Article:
If you’ve just got engaged, let me be one of the first to say congratulations!
Once you get over the extra weight you’re now carrying around on your left hand you will at some point ask yourself “So, where do I actually start?”. Visiting wedding fairs and buying wedding magazines can be great inspiration for your wedding but can also be very overwhelming as you quickly realise there is a lot of choice when it comes to planning a wedding. So, there are a few things I suggest you do first of all:
Set a realistic budget
You may have some money put aside for your special day, now is the time to think about how much you feel is reasonable to spend on all the elements of your wedding, and ensure you have at least 5% put aside as a contingency. It may also be worth setting up a dedicated wedding bank account to start saving. If you have set your budget right from the start, it will be much easier to stick to it. Also, don’t forget to ask family members if they would be willing to contribute to the budget.
Draft a guest list and choose a venue
You can expect to spend around 40% of your budget on your reception so finding the right venue is an important choice – here are a few things to consider:
How many guests? – It will be difficult to book a venue (and ultimately set a date) if you don’t know how many people will be attending. Some venues will only be licensed up to a certain number and you don’t want to cram all of your guests in. Likewise, you wouldn’t want your 60 guests to be lost in a room big enough for 300. Some venues are more suitable for spending lots of time outside, likewise there are venues that have a beautiful interior that you will want to enjoy. When looking around venues, be sure to ask what the alternatives are to outside spaces if the weather is bad.
Do you want the ceremony and reception to be in the same location? – Most venues have a civil ceremony licence so the choice for your ceremony location is very wide. If you wish to marry in a church then it’s unlikely that you will have a reception venue within walking distance. However, there are some venues that have a church within their grounds.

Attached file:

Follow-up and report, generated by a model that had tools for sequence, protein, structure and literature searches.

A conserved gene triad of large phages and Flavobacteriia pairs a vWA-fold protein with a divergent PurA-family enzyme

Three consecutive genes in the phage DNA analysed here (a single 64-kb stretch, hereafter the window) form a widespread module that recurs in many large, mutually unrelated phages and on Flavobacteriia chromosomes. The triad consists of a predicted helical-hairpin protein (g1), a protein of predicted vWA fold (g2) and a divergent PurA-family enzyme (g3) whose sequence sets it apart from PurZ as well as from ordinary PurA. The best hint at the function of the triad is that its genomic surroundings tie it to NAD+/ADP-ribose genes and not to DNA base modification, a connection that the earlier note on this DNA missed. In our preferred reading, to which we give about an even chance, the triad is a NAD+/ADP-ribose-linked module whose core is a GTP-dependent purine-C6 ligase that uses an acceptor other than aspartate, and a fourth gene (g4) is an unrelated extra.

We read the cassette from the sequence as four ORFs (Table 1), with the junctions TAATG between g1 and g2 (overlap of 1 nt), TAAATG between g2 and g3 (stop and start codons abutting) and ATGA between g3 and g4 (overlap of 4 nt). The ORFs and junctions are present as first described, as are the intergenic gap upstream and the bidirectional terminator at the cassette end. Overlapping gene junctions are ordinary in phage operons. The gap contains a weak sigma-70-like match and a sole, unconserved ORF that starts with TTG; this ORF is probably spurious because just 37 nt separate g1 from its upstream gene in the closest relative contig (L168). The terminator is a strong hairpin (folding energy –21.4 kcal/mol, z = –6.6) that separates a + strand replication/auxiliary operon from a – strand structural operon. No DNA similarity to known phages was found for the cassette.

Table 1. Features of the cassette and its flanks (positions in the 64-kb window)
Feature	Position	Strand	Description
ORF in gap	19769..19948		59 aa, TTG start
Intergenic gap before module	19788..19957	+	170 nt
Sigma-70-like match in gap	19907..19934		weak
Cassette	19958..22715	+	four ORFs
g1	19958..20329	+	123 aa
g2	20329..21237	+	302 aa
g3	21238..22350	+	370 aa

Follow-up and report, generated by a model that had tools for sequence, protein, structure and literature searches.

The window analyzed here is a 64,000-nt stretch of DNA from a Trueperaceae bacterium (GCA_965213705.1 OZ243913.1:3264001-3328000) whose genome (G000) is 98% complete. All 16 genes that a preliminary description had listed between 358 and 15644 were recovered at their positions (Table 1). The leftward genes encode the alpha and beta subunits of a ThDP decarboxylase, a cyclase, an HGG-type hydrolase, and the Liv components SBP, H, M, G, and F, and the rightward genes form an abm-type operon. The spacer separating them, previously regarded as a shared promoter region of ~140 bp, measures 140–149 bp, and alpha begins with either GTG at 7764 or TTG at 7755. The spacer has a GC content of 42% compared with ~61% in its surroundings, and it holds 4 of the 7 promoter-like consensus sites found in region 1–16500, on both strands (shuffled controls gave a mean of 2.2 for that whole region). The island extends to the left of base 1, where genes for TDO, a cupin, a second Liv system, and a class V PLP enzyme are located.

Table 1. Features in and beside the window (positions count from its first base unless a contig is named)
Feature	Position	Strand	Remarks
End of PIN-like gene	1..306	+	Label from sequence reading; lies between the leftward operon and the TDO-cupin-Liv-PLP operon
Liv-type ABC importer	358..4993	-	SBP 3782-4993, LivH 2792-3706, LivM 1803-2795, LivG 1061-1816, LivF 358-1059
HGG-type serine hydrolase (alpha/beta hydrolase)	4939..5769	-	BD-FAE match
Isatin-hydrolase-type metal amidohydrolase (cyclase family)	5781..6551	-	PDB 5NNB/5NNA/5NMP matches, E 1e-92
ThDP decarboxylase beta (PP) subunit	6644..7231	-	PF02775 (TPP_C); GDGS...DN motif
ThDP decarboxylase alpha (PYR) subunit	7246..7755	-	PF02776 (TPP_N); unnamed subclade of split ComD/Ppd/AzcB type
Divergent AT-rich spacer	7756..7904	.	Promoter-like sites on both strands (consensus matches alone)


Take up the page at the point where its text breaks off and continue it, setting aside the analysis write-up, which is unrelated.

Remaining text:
Where are guests coming from? – Locations that are closer to home are much easier to liaise with. If your venue is an hour’s drive from home, you will need to factor that in to your ‘getting ready’ time on the day. If a lot of your guests are based far away from the venue it may be prudent to provide some transport.
Is accommodation available? – You may want to stay at the venue on the wedding night or even get ready there on the day, ask to see the honeymoon suite so you know what to expect. If accommodation is available for guests, find out if you can hold a number of rooms to ensure your guests get the accommodation they need.
What style is the venue? – Is it a country house, stately home, or a modern hotel? The style of the venue needs to complement the overall style of the wedding. A vintage style wedding would be much better suited to a country house or marquee venue than a modern hotel.
Are there in-house caterers? – Venues often have in-house caterers that you will have to use. However some venues allow you to bring in your own caterer. Bear in mind that this means you will need to choose yet another supplier!
Bear in mind that popular venues and popular dates (i.e. Saturdays in the Summer) can get booked up to 2 years in advance so the sooner you start looking the better.
Think about the type of ceremony
In 2009 there were 266,950 wedding ceremonies in the UK, 67% of those were civil ceremonies and most of the rest were religious ceremonies (source: office for national statistics www.ons.gov.uk). So what is the difference and how do you actually go about planning your ceremony?